Criminal networks in the Western Balkans have become key actors in both regional and European Union drug markets, a report by the European Monitoring Centre on Drugs and Drug Addiction (EMCDDA) said on Monday.
The report says that the strategic geographical position of countries such as Albania, Montenegro, North Macedonia, Serbia, Bosnia and Herzegovina, and Kosovo, combined with high demand for drugs, particularly in the European Union and Turkey, have accelerated criminal groups’ operations.
Read the report in full on the EMCDDA website here
“Some EU countries are located on trafficking routes that pass through the Western Balkans before re-entering the EU. This means that trafficking flows can be complex,” the agency said in the report which is part of a bigger regional study conducted between 2019 and 2022.
Sizeable diasporas from the region in the EU also provide a pool of individuals who can be exploited or recruited into these networks, the report said.
The EMCDDA report discusses Western Balkan groups’ operational presence in Belgium and the Netherlands, with the ports of Antwerp and Rotterdam being important for drug distribution and import into the EU.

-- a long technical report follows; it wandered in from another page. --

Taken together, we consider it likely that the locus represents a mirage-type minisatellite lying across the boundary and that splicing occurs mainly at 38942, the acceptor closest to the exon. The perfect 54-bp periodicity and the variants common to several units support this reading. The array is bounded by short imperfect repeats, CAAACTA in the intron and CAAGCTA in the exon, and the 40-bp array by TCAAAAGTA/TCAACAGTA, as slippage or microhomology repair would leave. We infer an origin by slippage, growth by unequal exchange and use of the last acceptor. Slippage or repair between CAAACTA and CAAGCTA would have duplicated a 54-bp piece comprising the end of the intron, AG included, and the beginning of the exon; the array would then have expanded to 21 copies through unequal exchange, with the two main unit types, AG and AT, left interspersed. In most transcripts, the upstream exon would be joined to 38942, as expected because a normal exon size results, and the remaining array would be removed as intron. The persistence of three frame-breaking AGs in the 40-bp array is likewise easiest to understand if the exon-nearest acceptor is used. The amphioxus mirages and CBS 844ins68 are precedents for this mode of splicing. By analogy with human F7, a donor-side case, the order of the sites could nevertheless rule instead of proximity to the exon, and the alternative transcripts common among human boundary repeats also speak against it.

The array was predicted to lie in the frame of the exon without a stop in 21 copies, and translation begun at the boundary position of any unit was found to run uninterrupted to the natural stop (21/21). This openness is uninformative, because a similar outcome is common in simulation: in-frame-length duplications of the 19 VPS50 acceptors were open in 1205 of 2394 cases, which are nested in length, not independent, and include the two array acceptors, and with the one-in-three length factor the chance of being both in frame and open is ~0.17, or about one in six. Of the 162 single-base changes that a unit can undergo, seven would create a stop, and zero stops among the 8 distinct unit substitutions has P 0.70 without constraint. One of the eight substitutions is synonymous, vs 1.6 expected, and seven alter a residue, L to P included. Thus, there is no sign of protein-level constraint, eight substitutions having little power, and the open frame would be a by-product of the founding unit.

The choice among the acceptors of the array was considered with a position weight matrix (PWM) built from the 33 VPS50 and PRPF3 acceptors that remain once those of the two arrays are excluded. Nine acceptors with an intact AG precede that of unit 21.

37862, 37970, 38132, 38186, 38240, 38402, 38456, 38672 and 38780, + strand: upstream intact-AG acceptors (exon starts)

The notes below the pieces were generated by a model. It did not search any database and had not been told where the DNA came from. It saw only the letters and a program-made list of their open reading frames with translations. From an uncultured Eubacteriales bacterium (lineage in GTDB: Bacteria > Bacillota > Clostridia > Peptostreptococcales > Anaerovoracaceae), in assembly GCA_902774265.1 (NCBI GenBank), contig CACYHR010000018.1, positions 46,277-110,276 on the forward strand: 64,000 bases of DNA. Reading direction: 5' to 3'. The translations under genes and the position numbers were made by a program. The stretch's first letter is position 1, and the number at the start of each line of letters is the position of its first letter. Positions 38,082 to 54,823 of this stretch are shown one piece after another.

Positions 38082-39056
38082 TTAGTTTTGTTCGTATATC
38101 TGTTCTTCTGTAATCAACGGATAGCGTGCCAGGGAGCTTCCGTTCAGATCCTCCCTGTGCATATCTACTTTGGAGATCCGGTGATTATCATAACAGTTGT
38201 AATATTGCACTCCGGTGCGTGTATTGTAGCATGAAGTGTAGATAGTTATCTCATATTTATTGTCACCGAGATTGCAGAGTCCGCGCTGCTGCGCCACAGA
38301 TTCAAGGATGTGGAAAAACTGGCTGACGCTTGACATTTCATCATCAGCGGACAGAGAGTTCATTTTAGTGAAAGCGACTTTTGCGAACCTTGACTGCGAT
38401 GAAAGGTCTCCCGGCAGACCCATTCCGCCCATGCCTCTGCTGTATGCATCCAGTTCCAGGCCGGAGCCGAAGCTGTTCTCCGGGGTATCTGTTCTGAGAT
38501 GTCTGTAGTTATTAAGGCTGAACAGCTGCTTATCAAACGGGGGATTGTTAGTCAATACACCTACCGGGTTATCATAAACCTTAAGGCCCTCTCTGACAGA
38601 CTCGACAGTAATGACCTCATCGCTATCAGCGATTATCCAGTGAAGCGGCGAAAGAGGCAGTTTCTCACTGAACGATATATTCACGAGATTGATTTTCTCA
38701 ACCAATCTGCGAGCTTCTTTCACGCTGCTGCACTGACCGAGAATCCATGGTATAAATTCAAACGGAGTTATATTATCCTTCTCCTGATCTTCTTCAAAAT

Germany, Italy, Spain, Switzerland and the United Kingdom are also important locations for those groups in the cocaine, heroin and cannabis markets in Europe, said the EMCDDA.
These mafia-like networks have also adopted the latest available technology to improve the efficiency of drug production, trafficking and money laundering, the report said.
That includes complex equipment for indoor cultivation, drones or the use of cryptocurrencies and encrypted communications.
Both the Western Balkans and EU countries serve as refuge for criminals hiding from rival criminal groups or law enforcement.
“Members of Italian and Turkish criminal networks are reported to be evading justice by locating themselves in the Western Balkans, while Russian criminal organisations are thought to be involved in money laundering activities along the region’s coastline,” said the EMCDDA.
source: commonspace.eu with EMCDDA, Reuters and agencies